Many RELAC homes have space for units and they should not be forced to stay on RELAC. I could only hope the air unit would drown out the Baron Cameron road noise but no such luck, my next-door neighbor has a unit and I am hardly able to hear it (a $5,000 unit), even when entertaining in my back yard adjacent to it, and we entertain often. In addition to it being quiet the electric bills for the neighbor have gone down since leaving RELAC and their house is much cooler than our RELAC “cooled” home. In addition, another neighbor had two sales fall through on their home when the perspective buyers were informed about it being a RELAC home and rescinded. If RELAC is truthfully a good product then it should be able to survive even after the people are given the right to choose. My guess is if RELAC were truly an affordable and efficient option for all those involved, we wouldn’t be having this debate.

  • Yep. Totally. Who wants freedom anyway? Freedom is such a silly notion, can’t believe entire revolutions were fought on such concept. You are totally right, we should embrace an enforced monopoly, that serves to enrich a for-profit corporation that cleared a nice and tidy profit last year.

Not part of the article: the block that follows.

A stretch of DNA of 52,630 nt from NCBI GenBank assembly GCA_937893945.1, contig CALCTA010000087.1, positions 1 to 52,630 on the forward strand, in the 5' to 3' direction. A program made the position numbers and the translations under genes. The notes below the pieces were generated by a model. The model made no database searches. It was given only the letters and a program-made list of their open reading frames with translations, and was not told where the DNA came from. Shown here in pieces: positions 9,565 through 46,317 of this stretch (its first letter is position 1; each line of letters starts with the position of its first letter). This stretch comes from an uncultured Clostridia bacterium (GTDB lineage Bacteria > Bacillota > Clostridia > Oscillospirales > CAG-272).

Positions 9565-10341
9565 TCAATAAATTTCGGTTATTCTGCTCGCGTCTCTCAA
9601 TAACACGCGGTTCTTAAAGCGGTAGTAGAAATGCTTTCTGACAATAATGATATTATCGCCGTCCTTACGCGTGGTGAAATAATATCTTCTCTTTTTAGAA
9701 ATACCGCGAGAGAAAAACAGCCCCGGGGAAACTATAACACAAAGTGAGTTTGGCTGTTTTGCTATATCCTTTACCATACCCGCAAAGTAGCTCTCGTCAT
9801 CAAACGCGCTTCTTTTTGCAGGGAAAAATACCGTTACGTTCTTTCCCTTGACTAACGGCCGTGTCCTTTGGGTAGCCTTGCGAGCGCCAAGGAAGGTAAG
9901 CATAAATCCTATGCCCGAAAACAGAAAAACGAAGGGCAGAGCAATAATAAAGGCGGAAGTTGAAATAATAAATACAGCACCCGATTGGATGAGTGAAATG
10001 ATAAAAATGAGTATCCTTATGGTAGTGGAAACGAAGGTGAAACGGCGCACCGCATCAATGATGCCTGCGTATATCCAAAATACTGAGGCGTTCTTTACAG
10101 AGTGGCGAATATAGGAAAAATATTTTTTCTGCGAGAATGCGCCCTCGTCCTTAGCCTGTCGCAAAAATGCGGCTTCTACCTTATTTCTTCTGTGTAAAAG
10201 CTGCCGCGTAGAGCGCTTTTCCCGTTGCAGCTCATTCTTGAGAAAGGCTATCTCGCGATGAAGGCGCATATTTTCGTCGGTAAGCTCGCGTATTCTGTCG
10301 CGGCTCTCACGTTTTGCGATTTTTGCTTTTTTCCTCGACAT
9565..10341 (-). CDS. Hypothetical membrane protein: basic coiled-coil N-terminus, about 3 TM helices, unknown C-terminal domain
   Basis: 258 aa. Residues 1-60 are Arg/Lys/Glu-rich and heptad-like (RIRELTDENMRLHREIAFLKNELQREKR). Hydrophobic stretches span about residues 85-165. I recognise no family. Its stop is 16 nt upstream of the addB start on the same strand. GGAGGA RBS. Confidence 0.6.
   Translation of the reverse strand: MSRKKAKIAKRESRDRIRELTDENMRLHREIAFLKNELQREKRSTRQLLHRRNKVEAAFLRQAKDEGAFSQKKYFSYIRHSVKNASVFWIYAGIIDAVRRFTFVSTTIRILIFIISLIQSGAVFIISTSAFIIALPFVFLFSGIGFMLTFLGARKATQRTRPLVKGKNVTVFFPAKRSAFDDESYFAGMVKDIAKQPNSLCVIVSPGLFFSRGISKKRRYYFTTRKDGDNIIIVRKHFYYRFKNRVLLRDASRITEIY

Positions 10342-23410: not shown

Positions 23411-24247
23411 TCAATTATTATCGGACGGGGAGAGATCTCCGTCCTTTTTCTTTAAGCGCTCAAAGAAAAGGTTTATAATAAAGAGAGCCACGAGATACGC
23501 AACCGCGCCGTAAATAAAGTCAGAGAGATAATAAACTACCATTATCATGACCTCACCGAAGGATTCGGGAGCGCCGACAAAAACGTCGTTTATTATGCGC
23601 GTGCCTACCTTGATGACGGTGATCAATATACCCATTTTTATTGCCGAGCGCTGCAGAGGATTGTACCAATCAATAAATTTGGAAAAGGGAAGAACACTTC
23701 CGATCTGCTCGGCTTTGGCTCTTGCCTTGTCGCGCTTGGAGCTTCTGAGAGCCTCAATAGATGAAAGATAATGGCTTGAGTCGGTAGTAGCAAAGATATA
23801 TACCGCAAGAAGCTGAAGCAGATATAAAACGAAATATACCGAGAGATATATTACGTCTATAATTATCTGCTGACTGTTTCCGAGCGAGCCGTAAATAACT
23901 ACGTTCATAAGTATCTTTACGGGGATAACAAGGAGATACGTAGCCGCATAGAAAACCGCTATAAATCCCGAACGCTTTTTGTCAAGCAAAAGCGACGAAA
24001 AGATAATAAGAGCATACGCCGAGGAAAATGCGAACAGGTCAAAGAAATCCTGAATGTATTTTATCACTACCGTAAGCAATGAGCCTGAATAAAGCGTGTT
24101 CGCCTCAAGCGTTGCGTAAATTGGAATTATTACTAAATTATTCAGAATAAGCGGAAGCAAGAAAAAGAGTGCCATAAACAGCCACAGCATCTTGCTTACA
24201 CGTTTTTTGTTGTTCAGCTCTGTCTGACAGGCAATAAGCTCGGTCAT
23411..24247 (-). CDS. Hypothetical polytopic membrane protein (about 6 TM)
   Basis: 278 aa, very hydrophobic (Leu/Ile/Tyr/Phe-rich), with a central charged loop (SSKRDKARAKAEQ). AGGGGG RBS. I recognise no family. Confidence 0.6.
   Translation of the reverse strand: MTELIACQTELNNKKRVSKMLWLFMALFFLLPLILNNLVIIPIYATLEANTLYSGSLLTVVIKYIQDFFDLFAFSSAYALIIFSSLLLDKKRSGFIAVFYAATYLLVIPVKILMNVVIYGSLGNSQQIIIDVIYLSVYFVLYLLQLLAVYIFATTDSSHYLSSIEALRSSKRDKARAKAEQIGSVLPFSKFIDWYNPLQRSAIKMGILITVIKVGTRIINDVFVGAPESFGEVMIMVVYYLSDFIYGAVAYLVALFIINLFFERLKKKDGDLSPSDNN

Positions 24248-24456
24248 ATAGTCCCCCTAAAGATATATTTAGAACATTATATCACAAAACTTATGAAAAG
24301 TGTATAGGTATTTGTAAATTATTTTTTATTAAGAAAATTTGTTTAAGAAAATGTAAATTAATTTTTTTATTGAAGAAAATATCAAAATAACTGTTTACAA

And, as for quiet. Yep, you’re right. Its very quiet – except if you live in ear shot of the RELAC plant of course.

    But, still, I for one embrace a soviet-style command economies – worked out so well.

    No, wait. I like Freedom. And a free market. So, I’m going to vote YES

    And for the record, I installed my own A/C. Cost about $5K. After 3 years, I’ve already broken even – my electricity bill is LOWER. And, no toxic mold, so I’m healthier. And, the FREEDOM to decide the temperature in my own home.

  • I also don’t understand the argument that costs go up if people come off of the system. As demand goes down, costs go down.

    It is a uncontested fact that the system does not work well for everyone. So we need choice, so please think of your neighbors who may be living in unbearable conditions.